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Wisconsin High Court To Hear GOP-Backed Redistricting Case

Judge's gavel on table in office.
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Judge's gavel on table in office.

A divided Wisconsin Supreme Court agreed Wednesday to hear a redistricting lawsuit supported by the Republican-controlled Legislature, a move that comes as a Democratic-backed lawsuit progresses in federal court.

In a 4-3 ruling, the Supreme Court’s conservative majority sided with the Wisconsin Institute for Law & Liberty in agreeing to take the case, with its three liberal justices dissenting. The Legislature supports having the conservative-controlled Wisconsin Supreme Court take the case rather than have it play out in federal court.

A three-judge federal court panel on Tuesday said it wanted to prepare for a trial in that case to conclude by the end of January in order for the court to issue a ruling by March.

Both cases are now proceeding even though the Legislature hasn’t yet introduced a map, let alone sent one to Gov. Tony Evers to consider.

Rick Esenberg, director of the Wisconsin Institute for Law & Liberty, which brought the case, praised the ruling.

“Adopting new state legislative and congressional maps is a state responsibility,” he said. “We are pleased the Wisconsin Supreme Court reaffirmed this longstanding principle and accepted jurisdiction in the event the courts have to act.”

But Sachin Chheda, director of the Fair Elections Project, said the ruling ignores both the law and practical considerations.

“It unfortunately looks like a politicization of the process, and that gives the people of Wisconsin even less confidence in the state high court,” he said.

No matter what the Supreme Court does, it will ultimately be reviewed in federal court, Chheda said.

Redistricting is the once-a-decade process of redrawing the state’s political boundaries based on the latest census showing how populations have changed in neighborhoods, cities and counties since 2010. Mapmakers can create an advantage for their political party in future elections by packing opponents’ voters into a few districts or spreading them thin among multiple districts — a process known as gerrymandering.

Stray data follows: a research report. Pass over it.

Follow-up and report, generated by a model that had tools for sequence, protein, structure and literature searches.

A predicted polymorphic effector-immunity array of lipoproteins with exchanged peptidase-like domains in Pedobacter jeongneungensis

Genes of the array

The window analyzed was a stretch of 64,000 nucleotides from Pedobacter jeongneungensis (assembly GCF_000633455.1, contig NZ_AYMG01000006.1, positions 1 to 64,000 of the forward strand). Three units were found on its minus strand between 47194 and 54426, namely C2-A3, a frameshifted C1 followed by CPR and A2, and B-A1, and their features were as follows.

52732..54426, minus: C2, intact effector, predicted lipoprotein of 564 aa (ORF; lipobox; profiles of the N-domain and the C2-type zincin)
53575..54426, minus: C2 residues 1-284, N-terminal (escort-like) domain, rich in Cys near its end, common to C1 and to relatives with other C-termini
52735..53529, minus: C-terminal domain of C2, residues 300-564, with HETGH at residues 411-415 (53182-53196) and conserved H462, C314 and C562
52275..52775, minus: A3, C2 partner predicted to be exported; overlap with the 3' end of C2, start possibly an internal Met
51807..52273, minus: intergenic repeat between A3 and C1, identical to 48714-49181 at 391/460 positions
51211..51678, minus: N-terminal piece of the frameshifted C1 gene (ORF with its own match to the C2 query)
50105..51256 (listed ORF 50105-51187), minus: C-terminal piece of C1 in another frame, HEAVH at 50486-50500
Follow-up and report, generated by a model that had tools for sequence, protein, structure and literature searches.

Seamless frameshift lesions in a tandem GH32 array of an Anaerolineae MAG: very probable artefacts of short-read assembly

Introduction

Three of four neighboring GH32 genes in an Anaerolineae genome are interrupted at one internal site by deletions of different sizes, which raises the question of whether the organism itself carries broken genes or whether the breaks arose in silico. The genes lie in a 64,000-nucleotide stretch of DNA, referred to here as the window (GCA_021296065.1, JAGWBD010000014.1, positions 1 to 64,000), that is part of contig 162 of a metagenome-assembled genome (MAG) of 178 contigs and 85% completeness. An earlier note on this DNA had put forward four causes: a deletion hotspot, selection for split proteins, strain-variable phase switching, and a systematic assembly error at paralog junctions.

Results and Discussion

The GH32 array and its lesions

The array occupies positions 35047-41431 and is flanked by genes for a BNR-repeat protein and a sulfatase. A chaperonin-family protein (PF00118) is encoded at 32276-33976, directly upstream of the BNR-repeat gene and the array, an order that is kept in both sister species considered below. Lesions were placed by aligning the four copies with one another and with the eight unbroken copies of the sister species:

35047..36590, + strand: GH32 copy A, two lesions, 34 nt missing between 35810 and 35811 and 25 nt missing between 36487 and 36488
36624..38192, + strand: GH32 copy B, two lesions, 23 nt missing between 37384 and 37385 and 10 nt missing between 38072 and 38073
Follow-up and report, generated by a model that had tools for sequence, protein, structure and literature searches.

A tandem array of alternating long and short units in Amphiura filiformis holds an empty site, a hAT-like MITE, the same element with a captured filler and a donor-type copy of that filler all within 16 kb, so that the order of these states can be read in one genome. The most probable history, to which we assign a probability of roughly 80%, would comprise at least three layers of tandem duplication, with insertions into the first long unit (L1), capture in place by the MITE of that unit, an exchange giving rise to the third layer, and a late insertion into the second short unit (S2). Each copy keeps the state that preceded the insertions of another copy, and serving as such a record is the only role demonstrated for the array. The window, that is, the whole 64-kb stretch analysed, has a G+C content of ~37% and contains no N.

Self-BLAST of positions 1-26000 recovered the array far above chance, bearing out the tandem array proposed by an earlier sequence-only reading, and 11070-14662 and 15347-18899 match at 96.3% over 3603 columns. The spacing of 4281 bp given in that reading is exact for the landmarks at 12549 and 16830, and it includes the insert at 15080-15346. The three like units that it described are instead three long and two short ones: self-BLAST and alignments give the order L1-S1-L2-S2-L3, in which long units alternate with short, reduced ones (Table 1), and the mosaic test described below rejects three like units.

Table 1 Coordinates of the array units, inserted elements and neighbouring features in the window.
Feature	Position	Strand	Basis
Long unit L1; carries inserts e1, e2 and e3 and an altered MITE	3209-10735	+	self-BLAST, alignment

The Legislature is in charge of drawing the lines for the state’s eight congressional districts and 132 legislative districts. Local governments also must draw new lines for local offices.

Both the Republican and Democratic lawsuits argue that the current maps for legislative and congressional boundary lines, adopted in 2011, are unconstitutional now because of population changes. The lawsuits ask that courts establish a plan to draw new lines in the likely event that the GOP-controlled Legislature and Evers, a Democrat, don’t agree on new maps.

Republicans think their chances are best in the conservative-controlled Wisconsin Supreme Court Democrats are putting their hopes in federal court, arguing that makes more sense because that’s where past redistricting disputes under divided governments in 1982, 1992 and 2002 were resolved.

The Supreme Court on Wednesday agreed with WILL and said state courts have a role to play.

“This court has long deemed redistricting challenges a proper subject for the court’s exercise of original jurisdiction,” the majority wrote.

The lawsuit asked the Supreme Court to put the case on hold after agreeing to take it, pending action by the Legislature and governor. It asked the court to draw a new map based on the current one if the Legislature and governor fail to reach an agreement.

The Supreme Court declined to put the case on hold. It asked the Legislature and all other parties to tell it by Oct. 6 when a new redistricting plan must be in place. It declined to declare the current maps unconstitutional, saying the record was inadequate for such a determination.

The date by which redistricting must be completed is at issue in the federal lawsuit, with the state elections commission saying it needs to know the new boundaries by March 1 in order for clerks to prepare for the August primary. Nomination papers can be circulated starting April 15. The Legislature says that date can be pushed back.

Supreme Court Chief Justice Annette Ziegler and fellow conservative justices Brian Hagedorn, Rebecca Bradley and Patience Roggensack agreed to take the case, while liberal justices Ann Walsh Bradley, Rebecca Dallet and Jill Karofsky objected.

Dallet, writing for the dissent, said the Supreme Court may have a role to play after the Legislature does its job, “but now is not the time.”

“The majority’s order prematurely injects the court into the political process, risks undermining the court’s independence, and circumvents the statutory process for addressing redistricting challenges,” Dallet wrote.

The current maps were drawn by Republicans and enacted by then-Gov. Scott Walker in 2011. Republicans who strengthened their legislative majorities under the maps want to use them as the starting point for redistricting this year.

The federal lawsuit combines a pair of cases first brought by the attorney leading the Democratic Party’s legal fight against new voting restrictions and by Democratic-supported groups including Black Leaders Organizing for Communities, Voces de la Frontera and the League of Women Voters of Wisconsin.

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